According to Shannon, Keno Kozie hires analysts with ample experience either working in law firms or supporting them and then provides them with in-depth, hands-on instruction from professional application trainers. In addition, Keno Kozie analysts get more specialized training whenever they join a specific client team and as applications and technologies evolve.

For example, all of Keno Kozie’s analysts either have Microsoft Office Specialist Certification or are in the process of getting their certification. “There are so many nuances in Word with regards to tables, formatting, and so forth that it’s difficult to learn them all,” says Shannon. “The [analysts] at Keno Kozie understand the specific way Dechert styles its documents, and Keno Kozie analysts are expert with the use of styles and know our specific needs.”

Shannon says it helps that Keno Kozie is a full-service law firm support organization that includes engineering staff, Citrix specialists, document management experts, and advanced applications support. “Keno Kozie has a depth of legal technology experience that cannot be easily found in other support organizations. When complex calls come into the help desk, the support analysts have extensive resources and experts that they can consult with or bring onto the call in support of users,” Shannon says.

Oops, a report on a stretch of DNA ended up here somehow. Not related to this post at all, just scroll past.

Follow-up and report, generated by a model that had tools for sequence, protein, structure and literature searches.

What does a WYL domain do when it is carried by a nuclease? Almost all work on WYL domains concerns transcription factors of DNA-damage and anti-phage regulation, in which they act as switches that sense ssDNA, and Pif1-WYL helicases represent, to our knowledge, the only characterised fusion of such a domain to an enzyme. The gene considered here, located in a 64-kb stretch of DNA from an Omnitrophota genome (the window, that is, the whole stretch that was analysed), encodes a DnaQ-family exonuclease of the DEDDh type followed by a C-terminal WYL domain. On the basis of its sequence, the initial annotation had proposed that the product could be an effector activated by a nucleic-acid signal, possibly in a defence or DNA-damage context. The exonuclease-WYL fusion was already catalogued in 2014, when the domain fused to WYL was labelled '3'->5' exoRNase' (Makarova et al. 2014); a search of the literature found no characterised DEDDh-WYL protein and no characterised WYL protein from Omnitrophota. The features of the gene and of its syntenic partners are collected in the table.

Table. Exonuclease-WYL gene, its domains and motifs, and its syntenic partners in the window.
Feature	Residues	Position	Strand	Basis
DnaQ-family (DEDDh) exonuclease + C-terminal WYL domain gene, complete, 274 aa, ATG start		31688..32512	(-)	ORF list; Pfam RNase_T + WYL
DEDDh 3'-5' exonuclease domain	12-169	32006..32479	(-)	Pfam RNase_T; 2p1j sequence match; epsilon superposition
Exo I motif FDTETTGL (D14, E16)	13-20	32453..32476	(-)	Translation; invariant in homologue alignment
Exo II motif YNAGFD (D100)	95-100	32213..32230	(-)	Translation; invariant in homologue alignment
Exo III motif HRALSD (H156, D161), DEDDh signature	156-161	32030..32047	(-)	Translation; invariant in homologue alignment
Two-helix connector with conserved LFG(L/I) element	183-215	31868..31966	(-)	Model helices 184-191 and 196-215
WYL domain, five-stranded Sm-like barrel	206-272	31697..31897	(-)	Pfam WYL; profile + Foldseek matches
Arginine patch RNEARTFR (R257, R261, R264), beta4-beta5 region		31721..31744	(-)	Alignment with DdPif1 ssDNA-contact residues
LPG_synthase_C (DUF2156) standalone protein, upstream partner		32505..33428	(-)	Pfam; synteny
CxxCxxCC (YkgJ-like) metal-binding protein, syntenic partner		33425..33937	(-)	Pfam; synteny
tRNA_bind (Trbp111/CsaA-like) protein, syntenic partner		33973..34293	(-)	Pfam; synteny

TRACKING THE ISSUES

Keno Kozie’s technology incorporates a fully integrated incident management system, a contact routing system, and real-time reporting that Shannon’s team can access. “[It] ensures that all [Dechert] contacts, whether by phone, e-mail, or web, are immediately routed to the proper analysts, automatically recorded in the incident management system, and are available for tracking in the real-time reporting system,” Shannon says. “The metrics are also integrated into [Keno Kozie’s] phone system which is where we get our answer time.”

Shannon says that as part of its service, Keno Kozie analyzes types of calls and call volume, so that Shannon’s team can understand why Dechert employees are calling and as a result, get a root cause analysis of any problems that may be widespread within the firm or are especially troublesome. According to Shannon, Keno Kozie has two analysts assigned to the Dechert account, one of which is dedicated solely to Dechert. “The manager in charge of the Dechert account is in touch with us on a weekly basis and is integrated into our management meetings,” he says.

In addition, Keno Kozie analysts know exactly who from Dechert is calling and can immediately access past call tickets associated with that person. “If I make a call, from my home or cell phone, they know it’s me. We have an automated feed set up so that when we add new people to our HR system, all of their numbers become available, and all of the fields automatically get filled out, including call history, so that they can just say, ‘What seems to be the problem?’” Shannon says, adding that the reporting is so detailed that Keno Kozie analysts know how the person on the other end prefers to be addressed.